The new version of Cassandra also reintroduces an old database concept called triggers, a form of stored procedures. Two decades back, triggers had been used with traditional databases to centralize calculations in the database itself, in order to improve consistency of results across different applications that used the database.
Triggers lost favor over time, however, because their operation could slow operations of a database. Thus, many moved their calculations out to application servers, where they could be more easily scaled.
Cassandra has an advantage over relational databases, however, in that it is a distributed database, which means executing triggers no longer has to be a performance bottleneck; if performance slows, another Cassandra node can be added.
"So when it makes sense to have logic closer to the data, you can do that. It has come full circle to where that makes sense again," Ellis said.
The development team also endeavored to ease the jobs of developers building their applications on top of Cassandra, by replacing a notoriously difficult to use API (Application Programming Interface) with the Cassandra Query Language (CQL), which resembles the widely understood SQL used for relational databases.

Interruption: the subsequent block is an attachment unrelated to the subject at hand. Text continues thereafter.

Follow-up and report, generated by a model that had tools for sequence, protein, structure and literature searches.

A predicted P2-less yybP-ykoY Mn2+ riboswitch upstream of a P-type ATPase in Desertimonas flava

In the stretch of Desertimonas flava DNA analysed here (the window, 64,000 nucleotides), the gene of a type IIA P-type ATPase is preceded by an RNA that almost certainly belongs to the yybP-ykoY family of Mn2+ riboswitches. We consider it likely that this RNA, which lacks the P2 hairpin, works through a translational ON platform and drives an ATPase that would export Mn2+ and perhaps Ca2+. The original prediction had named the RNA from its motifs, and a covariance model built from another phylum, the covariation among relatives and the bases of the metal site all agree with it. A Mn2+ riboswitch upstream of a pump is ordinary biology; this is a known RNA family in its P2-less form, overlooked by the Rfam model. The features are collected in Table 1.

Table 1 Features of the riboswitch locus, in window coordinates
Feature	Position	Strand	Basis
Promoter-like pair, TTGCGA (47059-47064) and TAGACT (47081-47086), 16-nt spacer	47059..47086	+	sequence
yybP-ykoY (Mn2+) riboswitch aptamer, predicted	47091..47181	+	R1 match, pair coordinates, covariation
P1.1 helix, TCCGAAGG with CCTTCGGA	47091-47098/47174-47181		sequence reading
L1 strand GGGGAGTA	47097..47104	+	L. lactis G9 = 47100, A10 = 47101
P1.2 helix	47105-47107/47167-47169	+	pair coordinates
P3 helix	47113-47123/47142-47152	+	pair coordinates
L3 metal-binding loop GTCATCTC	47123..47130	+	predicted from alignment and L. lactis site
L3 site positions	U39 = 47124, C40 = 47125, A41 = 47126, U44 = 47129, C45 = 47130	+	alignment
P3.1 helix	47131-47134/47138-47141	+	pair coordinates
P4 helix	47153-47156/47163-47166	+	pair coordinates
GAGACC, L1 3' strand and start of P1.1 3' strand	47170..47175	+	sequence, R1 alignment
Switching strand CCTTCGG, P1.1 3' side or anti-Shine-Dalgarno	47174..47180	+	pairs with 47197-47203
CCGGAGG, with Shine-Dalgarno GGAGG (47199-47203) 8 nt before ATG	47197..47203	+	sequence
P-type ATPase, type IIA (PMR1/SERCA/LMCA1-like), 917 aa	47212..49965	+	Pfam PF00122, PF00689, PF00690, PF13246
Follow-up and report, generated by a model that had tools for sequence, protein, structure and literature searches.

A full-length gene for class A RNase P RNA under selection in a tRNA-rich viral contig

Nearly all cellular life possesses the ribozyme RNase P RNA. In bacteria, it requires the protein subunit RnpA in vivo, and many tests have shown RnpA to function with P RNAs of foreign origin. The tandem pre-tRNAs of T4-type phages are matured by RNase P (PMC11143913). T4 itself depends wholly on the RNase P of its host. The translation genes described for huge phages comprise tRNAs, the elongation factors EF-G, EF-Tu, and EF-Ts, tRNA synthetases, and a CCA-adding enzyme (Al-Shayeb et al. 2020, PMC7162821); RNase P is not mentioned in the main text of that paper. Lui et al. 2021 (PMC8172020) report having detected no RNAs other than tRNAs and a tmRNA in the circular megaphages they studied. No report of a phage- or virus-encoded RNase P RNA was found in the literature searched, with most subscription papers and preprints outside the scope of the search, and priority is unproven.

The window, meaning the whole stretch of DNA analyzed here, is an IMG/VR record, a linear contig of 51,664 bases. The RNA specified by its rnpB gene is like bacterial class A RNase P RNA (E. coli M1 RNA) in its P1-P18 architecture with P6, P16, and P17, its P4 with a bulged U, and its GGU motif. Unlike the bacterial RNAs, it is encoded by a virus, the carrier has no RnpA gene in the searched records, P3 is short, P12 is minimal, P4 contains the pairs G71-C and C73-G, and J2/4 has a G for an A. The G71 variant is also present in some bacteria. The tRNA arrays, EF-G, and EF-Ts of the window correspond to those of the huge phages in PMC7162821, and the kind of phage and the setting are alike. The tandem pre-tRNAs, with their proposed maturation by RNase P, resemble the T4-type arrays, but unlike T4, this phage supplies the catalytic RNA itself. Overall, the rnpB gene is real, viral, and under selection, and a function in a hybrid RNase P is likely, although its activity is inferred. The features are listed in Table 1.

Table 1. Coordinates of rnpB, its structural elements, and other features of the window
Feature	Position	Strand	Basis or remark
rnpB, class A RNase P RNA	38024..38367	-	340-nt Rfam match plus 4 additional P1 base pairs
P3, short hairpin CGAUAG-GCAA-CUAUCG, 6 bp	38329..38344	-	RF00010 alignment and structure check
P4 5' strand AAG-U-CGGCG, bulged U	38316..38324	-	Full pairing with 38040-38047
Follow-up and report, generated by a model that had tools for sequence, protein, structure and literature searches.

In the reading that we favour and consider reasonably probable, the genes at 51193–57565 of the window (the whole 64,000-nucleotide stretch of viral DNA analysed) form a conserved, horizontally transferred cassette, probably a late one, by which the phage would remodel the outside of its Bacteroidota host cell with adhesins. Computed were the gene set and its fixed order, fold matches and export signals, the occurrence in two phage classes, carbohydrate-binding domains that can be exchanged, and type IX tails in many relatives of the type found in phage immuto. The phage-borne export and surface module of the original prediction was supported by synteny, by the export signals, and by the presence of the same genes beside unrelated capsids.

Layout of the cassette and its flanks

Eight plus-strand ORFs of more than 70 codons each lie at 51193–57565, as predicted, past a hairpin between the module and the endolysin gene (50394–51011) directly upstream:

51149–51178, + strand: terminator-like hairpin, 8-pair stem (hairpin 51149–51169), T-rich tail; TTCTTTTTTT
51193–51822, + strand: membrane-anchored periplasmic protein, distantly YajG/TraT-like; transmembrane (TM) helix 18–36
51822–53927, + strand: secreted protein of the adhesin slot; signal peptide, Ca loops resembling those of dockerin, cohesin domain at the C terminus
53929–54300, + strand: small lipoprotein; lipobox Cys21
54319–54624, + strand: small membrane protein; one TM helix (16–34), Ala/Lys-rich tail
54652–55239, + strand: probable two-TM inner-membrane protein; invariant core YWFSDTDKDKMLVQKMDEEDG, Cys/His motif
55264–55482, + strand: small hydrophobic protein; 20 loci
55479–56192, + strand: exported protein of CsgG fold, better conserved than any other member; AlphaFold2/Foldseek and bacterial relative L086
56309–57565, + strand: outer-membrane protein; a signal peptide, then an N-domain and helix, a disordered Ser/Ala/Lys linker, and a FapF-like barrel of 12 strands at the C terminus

Cassandra has offered CQL since January, but the 2.0 release has corrected some minor issues, making it ready for full production use.
With the CQL, "we're comfortable with telling people that this is what you should be building your applications with," Ellis said. "You don't need to use that old API that everyone complained was too difficult to use. You can use CQL. The learning curve is dramatically lower."
Also, as with any major release, Cassandra 2.0 sheds a lot of obsolete functionality. Upgrading to version 2.0 requires an old version of at least 1.2, which allowed project keepers to clean up old code and disregard little used or problematic code.
The updated software also includes a number of tweaks to speed performance.
It includes a new method of compaction, one that prevents read performance from suffering when large amounts of material are being written to disk. Message processing latencies have been reduced thanks to an implementation of the Disruptor high performance inter-thread messaging library. The number of timeouts can be reduced thanks to a new technique of sending redundant requests to other nodes, should too much time pass before the original request is fulfilled.